In the publication, “Living on the Edge, An Overview of Deer Management in Maine”, the Department of Inland Fisheries and Wildlife (IFW) strongly discourages individuals from providing supplemental feed (corn and hay) to deer. State biologists have proven that this long standing and previously accepted practice is actually detrimental to deer populations, having been proven to ultimately lead to malnutrition, increase predatation and contribute to the spread of chronic wasting disease. Instead of supplemental feeding, IFW offers other ways to help support Maine’s dwindling deer herd. One of these ideas, centers on the importance of landowners creating and maintaining food plots as a healthy alternative supplemental feeding method.
Maine landowners growing food plots can provide deer with a natural and sustainable food source that nurtures local deer herds while also providing a prime area to attract and hunt deer. While Maine law prohibits the placement of “bait” to attract deer, food plots, apple trees and even gardens provide natural forage are therefore not defined as bait in accordance with Maine law and are legal to hunt over.
Food plot construction is a relatively straight forward procedure, accomplished with minimal time and effort. While large scale food plots often require heavy equipment to plant and maintain, small scale food plots can be easily created and managed with a chainsaw, rototiller, rake and a good amount of determination. These half and quarter acre food plots are capable of offering thousands of pounds of supplemental feed to help support Maine’s struggling deer populations. Individuals without land large enough to host a food plot can, with permission, ask neighbors if they would find it acceptable to plant a small food plot on their property.
Some hunters feel that hunting deer over food plots is an unsportsmanlike behavior; however, these same individuals hunt over apple orchards, use deer calls, scents or decoys. Man made food plots, natural food sources, calls, lures or decoys are all methods of luring or “baiting” deer into close proximity so a hunter can take an ethical shot. Even now, scoped weapons, compound bows, deer attractants and electronic calls are viewed by some hunters as against the intrinsic values of “fair chase” and the high tech “toys” of those hunters lacking true hunting skills. Ultimately, hunters degrading other hunters for employing these tactics or tools, only damages us as sporting men and women. To we all need to be accepting of an individuals law abiding choices, ultimately support our hunting heritage and traditions.
Planting a food plot in the Maine wildlands requires an understanding of a few horticultural basics. Location, soil and seed are of utmost importance and must be carefully considered before planting. Food plot growth issues can almost always be traced back to a failure in one or more of these big three. As in real estate, location is king and with food plots this same axiom holds true. Potential plots should be examined to determine the amount of sunlight the area receives daily, as well as how well or poorly the soil drains. Taking time and carefully selecting a location is a key component to success. In Maine’s acrid soil, it’s a safe bet plots will need plenty of fertilizer and lime, lime and more lime to ensure plants thrive. The budget conscious, will want to consider growing plots comprised of clover and brassica, as these perennial mixes thrive well in Maine’s short growing season, do not require annual replanting and produce forage from early spring till late fall.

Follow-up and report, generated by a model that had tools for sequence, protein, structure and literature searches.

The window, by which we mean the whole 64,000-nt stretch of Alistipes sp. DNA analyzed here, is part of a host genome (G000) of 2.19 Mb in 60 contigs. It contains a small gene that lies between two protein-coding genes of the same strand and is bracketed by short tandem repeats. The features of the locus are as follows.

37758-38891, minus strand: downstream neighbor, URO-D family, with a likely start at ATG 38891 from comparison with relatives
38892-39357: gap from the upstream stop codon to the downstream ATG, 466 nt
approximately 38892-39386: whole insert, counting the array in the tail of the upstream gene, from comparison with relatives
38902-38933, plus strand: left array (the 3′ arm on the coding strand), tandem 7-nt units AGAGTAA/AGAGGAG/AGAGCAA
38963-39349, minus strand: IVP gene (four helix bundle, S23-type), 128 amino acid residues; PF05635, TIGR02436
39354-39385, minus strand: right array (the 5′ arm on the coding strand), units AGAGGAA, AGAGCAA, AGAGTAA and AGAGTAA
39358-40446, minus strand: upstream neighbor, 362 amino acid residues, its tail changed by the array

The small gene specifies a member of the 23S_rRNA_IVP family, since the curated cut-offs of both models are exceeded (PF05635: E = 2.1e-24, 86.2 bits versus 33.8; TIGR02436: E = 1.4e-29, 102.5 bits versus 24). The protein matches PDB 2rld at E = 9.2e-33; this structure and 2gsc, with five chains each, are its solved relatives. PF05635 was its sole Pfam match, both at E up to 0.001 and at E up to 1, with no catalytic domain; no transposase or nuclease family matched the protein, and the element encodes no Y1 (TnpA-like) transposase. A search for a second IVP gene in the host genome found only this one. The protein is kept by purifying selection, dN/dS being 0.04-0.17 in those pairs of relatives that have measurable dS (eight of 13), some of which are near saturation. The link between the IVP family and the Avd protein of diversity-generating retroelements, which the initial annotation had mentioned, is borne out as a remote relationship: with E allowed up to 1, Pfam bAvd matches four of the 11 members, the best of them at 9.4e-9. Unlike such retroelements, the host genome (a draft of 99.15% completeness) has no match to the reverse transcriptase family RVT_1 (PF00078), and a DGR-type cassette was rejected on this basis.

Obviously, not all deer hunters have access to sufficient land or the time needed to bring a food plot to fruition. If deer cannot be lured into sight then sights must be placed on the deer. For those hunters not “luring” deer, Downeast offers a myriad of choices for spot and stalk hunters. Spot and stalk is a time tested and extremely effective hunting method to employ in Washington County where the woods are dark, thick and deep and deer densities extremely low. Unless a perfect ambush location is scouted and predetermined, a hunter could sit for weeks or more in the woods and never see a shootable deer. To combat this, hunters need to be mobile and know how to tread softly in the woods. Moving through the woods after or during a heavy rain, using rushing streams or accessing prime area via canoe all work to help mask the sound of a hunters foot falls.
Following by canoe, the course of the Machias (Map 25 B-5) or the Narraguagus River (Map 25 C-1) hunters are provided with an effective means of accessing the backcountry without disturbing finicky whitetails. A personal favorite is an early morning paddle into Maine’s Public Reserve Lands or “The Great Heath”, accessible via the Pleasant River (Map 25 C-